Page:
Learned helplessness

My grandmother is having a nervous breakdown. She calls her sister a bitch and breaks dishes in the sink. I’ve never heard an adult swear in English. Her face is masking, and she’s scaring me. I’m twelve; we’ve been left in her care while my parents attend a Conservative Congregational Christian Conference. My great-aunt calls to ask if I’ll come to her apartment and open a can of tuna fish.

“Um. Sure.”

“Don’t say um, Jill Amy.”

“Sorry.”

“Also, I need you to pick me up some Ex-Lax.”

“Some what?”

“Ex-Lax.”

Please say you are joking. “Where do I do that?”

“At Jones Pharmacy, Jill Amy.”

Sure. I mean, why didn’t I know, at twelve, where to buy Ex-Lax? So I buy Ex-Lax, and walk to my great-aunt’s apartment, and now she’s yelling about how my grandmother is a bitch, and they’re all freaking me out. The can of tuna is on the counter but there’s no can opener. I check drawers and cabinets. I check them a second time, a third, I’m searching like I can’t hear her ranting beside me.

“What are you doing?”

“I can’t find your can opener.”

“It’s right there, Jill Amy.” She’s exasperated. I’ve opened six pill bottles for her, but they haven’t kicked in yet. She has gestured to some kind of mechanical device. I have no idea what to do with it. “Jesus Christ, are you telling me you’ve never used a mechanical can opener before?”

“If you had a mechanical can opener, why did you need me to come up here and open the can for you?” In the middle of the crazy, I was still asking reasonable questions, like crazy might have a sensible reply. It took a long time to unlearn this.

Yesterday, G asked how much money I had. “I need a drink super super bad.” I gave him four bucks and he came back with an Izze and two dollars. “The shop lady said they were $2. I brought 3 straws so we can share. Or I can go back and get a second one, but then you won’t have any money.” He is 6 and worked all this out himself. And that’s the thing about resourcefulness. We have it because we want to be self-reliant. Or maybe because we want to be self. We are supposed to work through the natural codependence of our childhood. The task of adolescence is to learn to care-take yourself. It isn’t your job to care-take the rest of us. I was twelve. In the middle of an old war between two sisters in their eighties. And all I could think was, My parents are going to kill me.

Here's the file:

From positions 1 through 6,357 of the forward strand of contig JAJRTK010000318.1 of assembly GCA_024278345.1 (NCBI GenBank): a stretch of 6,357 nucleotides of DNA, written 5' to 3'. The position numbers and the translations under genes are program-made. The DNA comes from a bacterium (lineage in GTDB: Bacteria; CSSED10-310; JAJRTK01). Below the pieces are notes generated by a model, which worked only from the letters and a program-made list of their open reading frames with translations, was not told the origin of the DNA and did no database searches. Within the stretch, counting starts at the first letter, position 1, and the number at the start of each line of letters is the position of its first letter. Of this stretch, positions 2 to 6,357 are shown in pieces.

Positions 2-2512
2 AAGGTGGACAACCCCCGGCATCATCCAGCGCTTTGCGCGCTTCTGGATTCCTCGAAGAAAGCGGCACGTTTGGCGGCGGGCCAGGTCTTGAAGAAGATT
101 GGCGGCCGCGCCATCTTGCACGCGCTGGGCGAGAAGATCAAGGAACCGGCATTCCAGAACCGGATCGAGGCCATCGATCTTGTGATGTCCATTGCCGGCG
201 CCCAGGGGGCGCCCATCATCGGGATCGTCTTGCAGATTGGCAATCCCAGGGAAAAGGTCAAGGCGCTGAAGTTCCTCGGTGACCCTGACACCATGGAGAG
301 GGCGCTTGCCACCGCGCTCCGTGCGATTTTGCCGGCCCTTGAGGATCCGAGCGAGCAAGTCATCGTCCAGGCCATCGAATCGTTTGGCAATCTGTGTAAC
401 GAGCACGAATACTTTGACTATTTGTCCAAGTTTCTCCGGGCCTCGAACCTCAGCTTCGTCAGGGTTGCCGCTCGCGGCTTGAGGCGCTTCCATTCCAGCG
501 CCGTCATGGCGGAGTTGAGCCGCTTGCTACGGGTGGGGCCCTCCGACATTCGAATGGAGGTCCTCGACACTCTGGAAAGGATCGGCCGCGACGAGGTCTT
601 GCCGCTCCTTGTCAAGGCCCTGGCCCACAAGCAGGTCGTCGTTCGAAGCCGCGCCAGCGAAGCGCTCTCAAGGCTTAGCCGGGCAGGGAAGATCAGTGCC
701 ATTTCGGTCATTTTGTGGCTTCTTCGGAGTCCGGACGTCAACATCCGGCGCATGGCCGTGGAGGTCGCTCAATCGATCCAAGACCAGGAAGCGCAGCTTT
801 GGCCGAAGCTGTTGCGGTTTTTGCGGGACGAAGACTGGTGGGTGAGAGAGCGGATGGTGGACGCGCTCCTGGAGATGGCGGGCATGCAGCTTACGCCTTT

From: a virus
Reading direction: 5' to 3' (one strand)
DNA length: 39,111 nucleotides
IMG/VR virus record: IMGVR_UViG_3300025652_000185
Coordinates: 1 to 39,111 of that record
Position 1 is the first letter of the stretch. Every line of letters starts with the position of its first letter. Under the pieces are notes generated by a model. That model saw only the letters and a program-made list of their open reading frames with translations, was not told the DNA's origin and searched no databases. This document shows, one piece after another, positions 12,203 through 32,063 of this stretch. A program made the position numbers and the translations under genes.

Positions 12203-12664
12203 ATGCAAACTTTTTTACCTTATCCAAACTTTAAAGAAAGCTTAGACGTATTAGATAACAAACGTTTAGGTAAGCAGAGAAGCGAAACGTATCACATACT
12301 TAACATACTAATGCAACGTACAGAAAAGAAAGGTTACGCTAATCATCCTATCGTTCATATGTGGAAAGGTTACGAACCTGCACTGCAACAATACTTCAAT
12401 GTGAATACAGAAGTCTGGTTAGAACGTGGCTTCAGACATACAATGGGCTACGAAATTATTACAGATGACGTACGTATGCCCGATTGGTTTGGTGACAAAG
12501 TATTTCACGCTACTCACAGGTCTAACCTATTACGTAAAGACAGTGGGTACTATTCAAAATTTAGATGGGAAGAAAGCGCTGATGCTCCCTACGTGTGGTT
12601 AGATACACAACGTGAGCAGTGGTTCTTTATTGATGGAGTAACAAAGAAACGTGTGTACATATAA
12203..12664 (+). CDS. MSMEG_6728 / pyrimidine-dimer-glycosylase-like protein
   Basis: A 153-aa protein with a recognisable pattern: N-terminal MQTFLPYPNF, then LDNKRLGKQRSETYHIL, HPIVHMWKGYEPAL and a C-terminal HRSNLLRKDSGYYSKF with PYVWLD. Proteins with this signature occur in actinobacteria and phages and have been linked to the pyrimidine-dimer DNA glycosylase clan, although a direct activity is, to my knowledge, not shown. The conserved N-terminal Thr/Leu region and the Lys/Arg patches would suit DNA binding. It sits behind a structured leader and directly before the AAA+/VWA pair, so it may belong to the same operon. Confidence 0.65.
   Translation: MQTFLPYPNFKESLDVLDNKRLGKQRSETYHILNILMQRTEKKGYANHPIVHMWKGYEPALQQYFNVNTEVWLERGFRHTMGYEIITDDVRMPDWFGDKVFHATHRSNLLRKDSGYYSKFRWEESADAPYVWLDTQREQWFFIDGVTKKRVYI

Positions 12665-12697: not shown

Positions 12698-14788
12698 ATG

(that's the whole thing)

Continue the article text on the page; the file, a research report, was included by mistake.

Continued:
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Jill Malone

Jill Malone grew up in a military family, went to German kindergarten, and lived across from a bakery that made gummi bears the size of mice. She has lived on the East Coast and in Hawaii, and for the last seventeen years in Spokane with her son, two dogs, a hedgehog, and a lot of outdoor gear. She looks for any excuse to play guitar. Jill is married to a performance artist and addiction counselor who makes the best risotto on the planet.

Giraffe People is her third novel. Her first novel, Red Audrey and the Roping, was a Lambda finalist and won the third annual Bywater Prize for Fiction. A Field Guide to Deception, her second novel, was a finalist for the Ferro-Grumley, and won the Lambda Literary Award and the Great Northwest Book Festival.

Giraffe People

Giraffe People